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September 16, 2005.

DEPARTMENT OF ENERGY; SAMUEL W. BODMAN, in his official capacity; KEVIN KOLEVAR, in his official capacity; BUREAU OF LAND MANAGEMENT; REBECCA W. WATSON, in her official capacity, Defendants.

The opinion of the court was delivered by: MARSHA PECHMAN, District Judge

Plaintiff hereby opposes the pending Motions to Intervene in the determination of the merits of the claims raised in Plaintiff's First Amended Complaint. This Court has already considered this issue in another phase of this case, rejecting Termoeléctrica U.S., LLC's (then "Sempra Energy Resources") (T-US) motion to intervene permissively and as of right, and holding that T-US was not entitled to intervene in the determination of the merits of Plaintiff's original claims.*fn1 Order Denying Motion to Intervene With Respect to the Merits Phase of Case, July 26, 2002. Plaintiff does not oppose Movants' present participation on the same terms as those set forth in that order, allowing Movants to participate as amici curiae in the determination of the merits of Plaintiff's claims and as Defendant/Intervenors to protect their interests during any remedial phase thereafter. However, for the reasons discussed herein, it would not be appropriate for Movants to intervene in the merits phase of the present proceedings.

I. Movants Are Collaterally Estopped from Relitigating the Issue of Intervention in the Determination of the Merits of Plaintiff's Claims

  Because the facts and law relevant to the present motion are virtually identical to those presented to the Court in connection with the July 2002 order, basic principles of collateral estoppel demand denial of the instant motions. See, e.g., Arizona v. California, 530 U.S. 392, 414 (2000). Issue preclusion attaches when (i) the issues in both proceedings are identical, (ii) the issue in the prior proceeding was "actually litigated and determined by a valid and final judgment,"*fn2 and (iii) "the determination is essential to the judgment." Id.

  Movant Baja California Power, Inc. (BCP), points to the Ninth Circuit's 2002 decision in Kootenai Tribe of Idaho v. Veneman, 313 F.3d 1094 (9th Cir. 2002) — which addressed Rule 24(b) permissive intervention in an appeal of a judgment under the National Environmental Policy Act (NEPA) — as a "material change of circumstances" justifying its instant motion. See BCP's Memorandum of Points and Authorities in Support of Motion to Intervene (BCP Brief) at 2; see also T-US Motion to Intervene (T-US Brief) at 4. However, the Kootenai decision does not reflect a departure from preexisting Ninth Circuit rules, and thus cannot be characterized as a change of circumstances sufficient to overcome basic principles of collateral estoppel. To the contrary, the standards for granting Rule 24(b) permissive intervention generally, and this Court's discretion to allow private parties to intervene permissively in a NEPA claim, both predate Kootenai. Indeed, Movants cited these pre-Kootenai rules in their 2002 requests for permissive intervention. See Sempra Memorandum in Support of Motion to Intervene, May 24, 2002 at 11 (citing Wetlands Action Network v. United States Army Corps of Eng'rs, 222 F.3d 1105 (9th Cir. 2000) (allowing permissive intervention in NEPA case), cert. denied, 122 S. Ct. 41 (2001)); see also T-US Brief at 4 (same); see also BCP Brief at 4 (citing San Jose Mercury News, Inc. v. United States Dist. Ct-N.Dist. (San Jose), 187 F.3d 1096 (9th Cir. 1999) (setting forth standard for permissive intervention)); see also T-US Brief at 4 (same); Sempra Memorandum in Support of Motion to Intervene, May 24, 2002, at 11 (same); BCP Memorandum in Support of Motion to Intervene, November 7, 2002, at 8 (same). This Court did not grant permissive intervention as to the merits at that time and nothing has changed to warrant such intervention at present.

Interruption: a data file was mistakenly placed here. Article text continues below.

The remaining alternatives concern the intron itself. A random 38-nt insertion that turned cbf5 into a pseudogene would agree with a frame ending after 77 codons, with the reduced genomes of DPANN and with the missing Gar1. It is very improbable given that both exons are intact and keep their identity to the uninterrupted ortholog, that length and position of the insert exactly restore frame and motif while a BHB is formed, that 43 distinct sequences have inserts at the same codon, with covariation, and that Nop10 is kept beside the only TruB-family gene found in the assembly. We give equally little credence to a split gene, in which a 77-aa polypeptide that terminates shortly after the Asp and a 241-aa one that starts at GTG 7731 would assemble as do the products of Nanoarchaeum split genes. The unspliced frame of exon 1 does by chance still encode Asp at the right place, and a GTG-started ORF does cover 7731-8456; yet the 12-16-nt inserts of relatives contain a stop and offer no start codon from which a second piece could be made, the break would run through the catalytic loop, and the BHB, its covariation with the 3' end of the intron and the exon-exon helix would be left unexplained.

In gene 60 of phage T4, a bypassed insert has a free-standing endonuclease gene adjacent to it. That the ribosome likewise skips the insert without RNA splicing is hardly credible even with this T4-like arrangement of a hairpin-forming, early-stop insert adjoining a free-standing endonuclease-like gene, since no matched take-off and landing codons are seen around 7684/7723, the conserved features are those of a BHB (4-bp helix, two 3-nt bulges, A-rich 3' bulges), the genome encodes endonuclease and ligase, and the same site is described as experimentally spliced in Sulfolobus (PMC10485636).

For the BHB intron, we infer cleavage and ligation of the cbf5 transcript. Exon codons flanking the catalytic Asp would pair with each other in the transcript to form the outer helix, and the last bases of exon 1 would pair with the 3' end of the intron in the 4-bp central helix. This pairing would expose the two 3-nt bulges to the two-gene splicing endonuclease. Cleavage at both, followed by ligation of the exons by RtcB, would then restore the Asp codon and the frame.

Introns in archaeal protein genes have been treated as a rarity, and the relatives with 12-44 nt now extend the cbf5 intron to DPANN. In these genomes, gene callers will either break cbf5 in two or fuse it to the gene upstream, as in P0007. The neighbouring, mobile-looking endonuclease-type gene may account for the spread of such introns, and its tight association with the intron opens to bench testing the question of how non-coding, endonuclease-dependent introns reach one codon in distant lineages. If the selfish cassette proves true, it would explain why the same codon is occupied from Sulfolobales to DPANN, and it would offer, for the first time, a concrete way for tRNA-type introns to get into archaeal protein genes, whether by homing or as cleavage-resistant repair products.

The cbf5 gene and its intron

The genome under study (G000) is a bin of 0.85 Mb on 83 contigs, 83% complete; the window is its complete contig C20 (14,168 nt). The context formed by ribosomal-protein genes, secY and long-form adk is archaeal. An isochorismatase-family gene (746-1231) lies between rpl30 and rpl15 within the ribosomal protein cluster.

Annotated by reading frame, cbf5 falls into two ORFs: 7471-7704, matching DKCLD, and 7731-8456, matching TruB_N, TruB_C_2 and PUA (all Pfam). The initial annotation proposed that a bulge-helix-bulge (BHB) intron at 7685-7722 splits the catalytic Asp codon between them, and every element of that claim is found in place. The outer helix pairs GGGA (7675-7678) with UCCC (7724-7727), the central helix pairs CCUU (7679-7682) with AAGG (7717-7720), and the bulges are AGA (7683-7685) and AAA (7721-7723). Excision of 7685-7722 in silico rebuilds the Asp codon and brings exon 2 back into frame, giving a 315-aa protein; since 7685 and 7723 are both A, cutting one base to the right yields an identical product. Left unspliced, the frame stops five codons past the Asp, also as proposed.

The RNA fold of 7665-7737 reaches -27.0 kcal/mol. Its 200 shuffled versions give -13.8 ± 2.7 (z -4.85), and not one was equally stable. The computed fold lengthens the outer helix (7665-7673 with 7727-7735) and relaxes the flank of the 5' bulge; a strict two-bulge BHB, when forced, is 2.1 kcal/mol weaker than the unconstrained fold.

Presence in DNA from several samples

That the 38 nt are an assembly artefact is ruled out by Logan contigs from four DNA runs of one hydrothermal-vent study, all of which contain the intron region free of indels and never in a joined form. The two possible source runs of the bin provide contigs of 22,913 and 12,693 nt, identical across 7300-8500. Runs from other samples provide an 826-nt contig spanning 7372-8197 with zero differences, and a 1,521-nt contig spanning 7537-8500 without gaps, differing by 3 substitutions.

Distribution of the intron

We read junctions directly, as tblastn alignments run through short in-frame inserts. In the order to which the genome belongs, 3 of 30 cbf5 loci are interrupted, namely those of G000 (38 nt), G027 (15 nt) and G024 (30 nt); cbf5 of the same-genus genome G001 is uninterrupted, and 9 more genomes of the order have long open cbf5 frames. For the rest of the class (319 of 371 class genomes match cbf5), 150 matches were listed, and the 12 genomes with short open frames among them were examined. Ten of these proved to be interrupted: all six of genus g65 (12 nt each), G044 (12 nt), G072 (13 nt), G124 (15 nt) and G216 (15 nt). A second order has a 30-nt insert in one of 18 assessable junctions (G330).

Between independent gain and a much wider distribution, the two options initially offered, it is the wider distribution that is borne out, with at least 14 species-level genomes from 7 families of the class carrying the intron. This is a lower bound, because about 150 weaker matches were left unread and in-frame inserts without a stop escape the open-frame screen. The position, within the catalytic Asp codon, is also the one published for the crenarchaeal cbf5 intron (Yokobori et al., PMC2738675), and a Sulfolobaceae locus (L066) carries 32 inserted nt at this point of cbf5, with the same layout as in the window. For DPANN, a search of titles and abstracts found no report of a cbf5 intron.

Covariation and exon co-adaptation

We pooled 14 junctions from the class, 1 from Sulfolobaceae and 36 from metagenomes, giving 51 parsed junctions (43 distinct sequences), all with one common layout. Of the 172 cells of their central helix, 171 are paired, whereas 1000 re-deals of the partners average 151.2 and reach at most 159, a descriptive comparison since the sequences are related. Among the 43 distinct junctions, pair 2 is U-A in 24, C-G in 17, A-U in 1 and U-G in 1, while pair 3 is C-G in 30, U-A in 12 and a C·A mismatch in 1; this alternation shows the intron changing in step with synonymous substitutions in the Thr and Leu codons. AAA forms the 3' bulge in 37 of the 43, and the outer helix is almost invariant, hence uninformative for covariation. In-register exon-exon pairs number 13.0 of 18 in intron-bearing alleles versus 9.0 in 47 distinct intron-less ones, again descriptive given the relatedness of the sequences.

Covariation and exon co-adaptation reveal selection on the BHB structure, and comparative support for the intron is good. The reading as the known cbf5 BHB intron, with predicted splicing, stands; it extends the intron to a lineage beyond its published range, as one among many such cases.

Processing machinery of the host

II. Movants Are Not Entitled to Permissive Intervention on the Merits of Plaintiff's NEPA or Clean Air Claim

  As was the case prior to Kootenai, a district court may grant permissive intervention in a NEPA case if the movants satisfy the traditional Rule 24(b) requirements. San Jose Mercury News, 187 F.3d 1096 (setting forth Rule 24(b) standards); Wetlands Action Network, 222 F.3d 1105 (allowing permissive intervention on NEPA claim). Because Movants do not satisfy those requirements as to the merits of Plaintiffs' NEPA or Clean Air Act (CAA) claims, the instant motions must be denied. In particular, rather than demonstrate that their defenses share common questions of law or fact with the merits of Plaintiff's claims, the concerns expressed by Movants relate exclusively to the determination of the remedies of those claims.

  Nor have Movants met the requirements to intervene as of right in Plaintiff's Clean Air Claim. Because Movants could not be defendants in Plaintiff's Clean Air Act claim, they do not have a legally protectable interest in the merits of that claim. Even if they did have such an interest, they have not demonstrated that it would not be adequately represented by the Federal Defendants. For these reasons, discussed in more detail below, the motions to intervene should be denied.

  A. Legal Standard

  Because private parties do not have a "significant protectable interest" in NEPA compliance actions, they may not intervene as of right in NEPA actions pursuant to Rule 24(a). See Kootenai, 313 F.3d at 1108. When intervention as of right is not available, permissive intervention under Rule 24(b) may be appropriate. Id. at 1108-09. Rule 24(b) provides in relevant part:
Upon timely application anyone may be permitted to intervene in an action: . . . (2) when an applicant's claim or defense and the main action have a question of law or fact in common. . . . In exercising its discretion the court shall consider whether the intervention will unduly delay or prejudice the adjudication of the rights of the original parties.
Fed.R.Civ.P. 24(b). The Ninth Circuit allows permissive intervention pursuant to Rule 24(b)(2) when: (1) the applicant's motion is timely; (2) the applicant's claim, defense, and the main action, have a question of law or fact in common; and (3) there are independent grounds for jurisdiction. San Jose Mercury News, 187 F.3d 1096.